Current scenario of Cryptocurrencies in India

In the last couple of years, the entire world has gone through a lot. Apart from the disastrous coronavirus pandemic, humankind has also faced various other shocks. Be it the falling GDP or the other natural calamities that shook everyone from the core. We have been through all kinds of changes in these years.

Now maybe it’s time for the world, and especially for India to witness another change in their finance domain. Recently, the RBI governor Shaktikanta Das said that the central bank may launch a pilot of its digital currency by December this year. He also said in an interview that the RBI is working on a phased implementation strategy for the same. Adding to that, he said that the RBI is “extremely careful” about the central bank digital currency (CBDC), which is a new product for it. The RBI defines CBDC as a legal tender issued by a central bank in a digital form. It is the same as a fiat currency and is exchangeable one-to-one with the fiat currency only its form is different.

According to former RBI deputy governor R Gandhi, the problem associated with cryptocurrencies like Bitcoin is that they are not linked to or regulated by any government. As the fundamental element of a currency is that it should be legal tender which is sadly missing with cryptocurrencies.

These digital currencies have created a lot of chaos in recent times because of their growing demand among the general people and the acceptance concern by the higher authorities. In between all this turmoil, the Finance Minister of India has given some strong statements when asked about India’s plan on developing a digital currency. On which Ms. Sitharaman clarified that such a decision has to be thought through. Besides that, she also cited the example of El Salvador as it is the 1st country to adopt bitcoin as a legal tender, she said that the public took to the streets against the move. Of course, no one would want such disturbance in their nation because giving legal recognition to a new currency is a huge decision that will affect every citizen of the country.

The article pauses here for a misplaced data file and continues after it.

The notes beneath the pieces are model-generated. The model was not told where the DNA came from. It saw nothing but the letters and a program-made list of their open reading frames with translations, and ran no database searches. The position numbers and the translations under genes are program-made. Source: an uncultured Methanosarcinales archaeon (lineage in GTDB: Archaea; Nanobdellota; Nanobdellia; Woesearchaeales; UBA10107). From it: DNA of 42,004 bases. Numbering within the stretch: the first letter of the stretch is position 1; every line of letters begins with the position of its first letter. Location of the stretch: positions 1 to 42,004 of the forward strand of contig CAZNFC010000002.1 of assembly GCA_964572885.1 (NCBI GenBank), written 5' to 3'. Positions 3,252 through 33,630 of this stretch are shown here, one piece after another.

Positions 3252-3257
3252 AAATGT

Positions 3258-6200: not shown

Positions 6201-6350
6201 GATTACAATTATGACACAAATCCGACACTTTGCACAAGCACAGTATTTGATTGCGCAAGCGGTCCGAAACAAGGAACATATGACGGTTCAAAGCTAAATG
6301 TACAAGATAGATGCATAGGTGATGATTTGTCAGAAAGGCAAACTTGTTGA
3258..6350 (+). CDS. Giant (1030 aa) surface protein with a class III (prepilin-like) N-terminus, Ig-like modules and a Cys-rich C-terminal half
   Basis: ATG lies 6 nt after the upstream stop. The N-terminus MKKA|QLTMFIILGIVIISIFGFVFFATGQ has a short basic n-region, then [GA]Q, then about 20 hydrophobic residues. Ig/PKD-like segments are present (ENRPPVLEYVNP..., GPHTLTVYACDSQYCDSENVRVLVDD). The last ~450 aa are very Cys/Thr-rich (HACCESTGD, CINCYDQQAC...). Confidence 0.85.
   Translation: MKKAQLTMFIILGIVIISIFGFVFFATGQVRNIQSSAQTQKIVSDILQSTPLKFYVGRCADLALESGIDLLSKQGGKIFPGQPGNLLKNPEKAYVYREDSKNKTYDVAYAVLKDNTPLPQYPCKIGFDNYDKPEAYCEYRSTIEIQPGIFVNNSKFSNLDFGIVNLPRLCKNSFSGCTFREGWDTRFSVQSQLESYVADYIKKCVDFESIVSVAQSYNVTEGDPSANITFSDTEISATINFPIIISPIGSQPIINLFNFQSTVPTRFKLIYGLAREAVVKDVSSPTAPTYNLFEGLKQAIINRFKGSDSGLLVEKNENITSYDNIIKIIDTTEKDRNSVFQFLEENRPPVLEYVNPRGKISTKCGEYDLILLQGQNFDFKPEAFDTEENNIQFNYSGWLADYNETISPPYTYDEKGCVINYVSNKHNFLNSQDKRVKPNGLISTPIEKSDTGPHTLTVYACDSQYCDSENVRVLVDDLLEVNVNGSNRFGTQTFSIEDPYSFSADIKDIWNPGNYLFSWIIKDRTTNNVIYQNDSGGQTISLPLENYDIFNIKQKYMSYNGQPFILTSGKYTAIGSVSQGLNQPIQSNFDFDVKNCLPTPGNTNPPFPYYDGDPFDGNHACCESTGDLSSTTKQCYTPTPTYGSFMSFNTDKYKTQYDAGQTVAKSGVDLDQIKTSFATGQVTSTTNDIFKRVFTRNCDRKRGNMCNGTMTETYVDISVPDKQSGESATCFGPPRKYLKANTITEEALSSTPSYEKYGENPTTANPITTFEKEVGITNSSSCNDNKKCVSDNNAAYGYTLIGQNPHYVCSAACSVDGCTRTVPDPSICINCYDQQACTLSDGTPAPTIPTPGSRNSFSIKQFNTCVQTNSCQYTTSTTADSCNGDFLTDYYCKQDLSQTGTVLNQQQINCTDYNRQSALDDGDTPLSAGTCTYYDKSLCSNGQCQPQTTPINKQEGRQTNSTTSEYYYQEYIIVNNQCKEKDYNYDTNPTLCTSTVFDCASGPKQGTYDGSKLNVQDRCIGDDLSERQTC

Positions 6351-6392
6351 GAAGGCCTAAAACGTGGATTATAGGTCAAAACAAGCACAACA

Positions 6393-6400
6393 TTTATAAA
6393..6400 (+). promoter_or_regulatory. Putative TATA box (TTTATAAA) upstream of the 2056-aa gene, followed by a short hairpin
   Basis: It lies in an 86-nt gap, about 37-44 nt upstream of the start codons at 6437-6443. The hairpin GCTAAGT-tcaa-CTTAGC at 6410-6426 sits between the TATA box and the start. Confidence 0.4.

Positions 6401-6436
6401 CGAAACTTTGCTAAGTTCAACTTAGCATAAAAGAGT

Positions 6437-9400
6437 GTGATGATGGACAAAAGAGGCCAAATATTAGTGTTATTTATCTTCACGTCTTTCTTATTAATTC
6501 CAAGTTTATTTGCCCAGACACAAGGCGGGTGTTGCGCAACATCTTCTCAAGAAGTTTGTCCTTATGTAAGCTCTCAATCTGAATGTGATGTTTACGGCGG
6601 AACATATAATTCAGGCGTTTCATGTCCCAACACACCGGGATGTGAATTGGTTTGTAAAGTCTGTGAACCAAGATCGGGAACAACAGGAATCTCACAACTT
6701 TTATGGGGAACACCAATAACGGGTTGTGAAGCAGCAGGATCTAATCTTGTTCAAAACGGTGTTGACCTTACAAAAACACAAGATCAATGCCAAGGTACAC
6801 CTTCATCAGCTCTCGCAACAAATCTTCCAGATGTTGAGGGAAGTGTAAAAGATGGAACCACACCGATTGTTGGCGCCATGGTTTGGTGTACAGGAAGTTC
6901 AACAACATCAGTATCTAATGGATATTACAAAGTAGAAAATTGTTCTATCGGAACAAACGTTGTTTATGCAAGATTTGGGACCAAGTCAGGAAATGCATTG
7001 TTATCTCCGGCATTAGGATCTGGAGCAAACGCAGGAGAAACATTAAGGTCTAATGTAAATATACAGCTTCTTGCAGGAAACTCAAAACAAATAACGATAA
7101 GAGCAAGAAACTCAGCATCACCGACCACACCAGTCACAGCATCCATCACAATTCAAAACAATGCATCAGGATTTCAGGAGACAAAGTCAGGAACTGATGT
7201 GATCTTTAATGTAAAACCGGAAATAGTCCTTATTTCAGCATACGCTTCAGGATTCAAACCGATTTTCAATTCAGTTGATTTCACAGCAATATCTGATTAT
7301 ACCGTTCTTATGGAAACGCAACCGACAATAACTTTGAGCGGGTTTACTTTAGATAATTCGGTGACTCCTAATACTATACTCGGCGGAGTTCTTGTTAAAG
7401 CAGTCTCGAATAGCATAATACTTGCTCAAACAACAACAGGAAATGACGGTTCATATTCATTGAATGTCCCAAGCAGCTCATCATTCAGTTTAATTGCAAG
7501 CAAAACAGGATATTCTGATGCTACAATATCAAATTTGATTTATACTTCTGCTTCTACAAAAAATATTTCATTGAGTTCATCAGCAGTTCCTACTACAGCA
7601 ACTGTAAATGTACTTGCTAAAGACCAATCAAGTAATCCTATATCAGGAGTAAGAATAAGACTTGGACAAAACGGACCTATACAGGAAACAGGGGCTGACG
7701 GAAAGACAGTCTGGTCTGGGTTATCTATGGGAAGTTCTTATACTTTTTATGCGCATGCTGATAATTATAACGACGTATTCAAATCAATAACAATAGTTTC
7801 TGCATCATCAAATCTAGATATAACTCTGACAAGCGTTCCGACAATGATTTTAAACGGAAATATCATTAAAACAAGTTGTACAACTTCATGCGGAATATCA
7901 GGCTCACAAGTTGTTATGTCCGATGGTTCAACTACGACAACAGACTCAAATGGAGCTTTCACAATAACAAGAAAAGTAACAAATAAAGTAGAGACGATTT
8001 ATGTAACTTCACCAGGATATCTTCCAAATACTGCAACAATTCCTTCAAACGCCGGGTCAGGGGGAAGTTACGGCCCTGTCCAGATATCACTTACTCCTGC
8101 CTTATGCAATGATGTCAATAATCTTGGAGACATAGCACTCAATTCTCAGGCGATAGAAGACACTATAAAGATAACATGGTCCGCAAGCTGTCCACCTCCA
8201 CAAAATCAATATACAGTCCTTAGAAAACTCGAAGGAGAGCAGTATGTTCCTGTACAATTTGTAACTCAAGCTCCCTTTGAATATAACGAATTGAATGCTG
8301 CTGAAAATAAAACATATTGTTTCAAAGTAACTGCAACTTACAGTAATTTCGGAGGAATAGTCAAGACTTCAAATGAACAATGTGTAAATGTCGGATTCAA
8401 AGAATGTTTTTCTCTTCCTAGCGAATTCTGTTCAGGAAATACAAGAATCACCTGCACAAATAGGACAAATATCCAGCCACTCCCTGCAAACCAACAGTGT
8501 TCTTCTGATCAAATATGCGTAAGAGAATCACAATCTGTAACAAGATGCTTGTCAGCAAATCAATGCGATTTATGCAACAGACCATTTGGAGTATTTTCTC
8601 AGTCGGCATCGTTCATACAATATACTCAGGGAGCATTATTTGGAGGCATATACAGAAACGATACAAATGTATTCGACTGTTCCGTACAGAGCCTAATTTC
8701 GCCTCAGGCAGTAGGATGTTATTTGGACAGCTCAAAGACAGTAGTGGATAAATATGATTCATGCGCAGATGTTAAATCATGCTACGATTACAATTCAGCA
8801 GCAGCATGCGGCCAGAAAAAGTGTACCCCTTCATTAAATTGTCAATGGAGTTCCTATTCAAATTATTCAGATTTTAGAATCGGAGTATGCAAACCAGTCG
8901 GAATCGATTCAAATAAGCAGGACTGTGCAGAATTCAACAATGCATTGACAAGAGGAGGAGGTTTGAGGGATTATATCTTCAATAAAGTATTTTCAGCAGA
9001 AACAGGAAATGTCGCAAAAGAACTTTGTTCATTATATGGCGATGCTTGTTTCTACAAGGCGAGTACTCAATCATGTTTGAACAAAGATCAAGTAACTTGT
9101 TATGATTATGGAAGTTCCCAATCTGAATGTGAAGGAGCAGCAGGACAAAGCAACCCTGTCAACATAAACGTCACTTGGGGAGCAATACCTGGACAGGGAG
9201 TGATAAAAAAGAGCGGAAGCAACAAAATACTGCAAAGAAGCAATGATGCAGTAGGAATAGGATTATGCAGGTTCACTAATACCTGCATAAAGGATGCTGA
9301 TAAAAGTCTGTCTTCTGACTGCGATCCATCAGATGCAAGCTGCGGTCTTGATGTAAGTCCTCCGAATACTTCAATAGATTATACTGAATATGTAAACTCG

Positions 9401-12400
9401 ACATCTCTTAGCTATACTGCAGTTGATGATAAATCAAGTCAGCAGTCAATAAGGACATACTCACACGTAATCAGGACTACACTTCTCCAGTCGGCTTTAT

“It’s not a question of literacy or understanding– it’s also a question of to what extent this is a transparent currency; is it going to be a currency available for everyone? El Salvador may be an exceptional place where they tried some experimentation. Other countries are talking about the central bank having a legitimate cryptocurrency. That could be a possibility,” Sitharaman said in an interview with Hindustan Times.

Just to remind the readers about the current situation of cryptocurrencies in India;

In August an inter-ministerial panel on cryptocurrency, chaired by Secretary (Economic Affairs), to study the issues related to virtual currencies and propose specific actions has already submitted its report. It has been recommended that all private cryptocurrencies, except any virtual currencies issued by the state, will be prohibited in India.

Back in March, the Supreme Court had allowed banks and financial institutions to reinstate services related to cryptocurrencies by setting aside the RBI’s 2018 circular that had prohibited them.

For now, we can only wait for the central authorities to take the right decision about the use and legalization of digital currency in the real world. There is nothing in our hands except the fact that either we can support the decision of the government or can protest according to our easement.

Reference:

Analytics Insight

Hindustan Times

Mint

Image Source:

Getty Images

Aditi Malhotra

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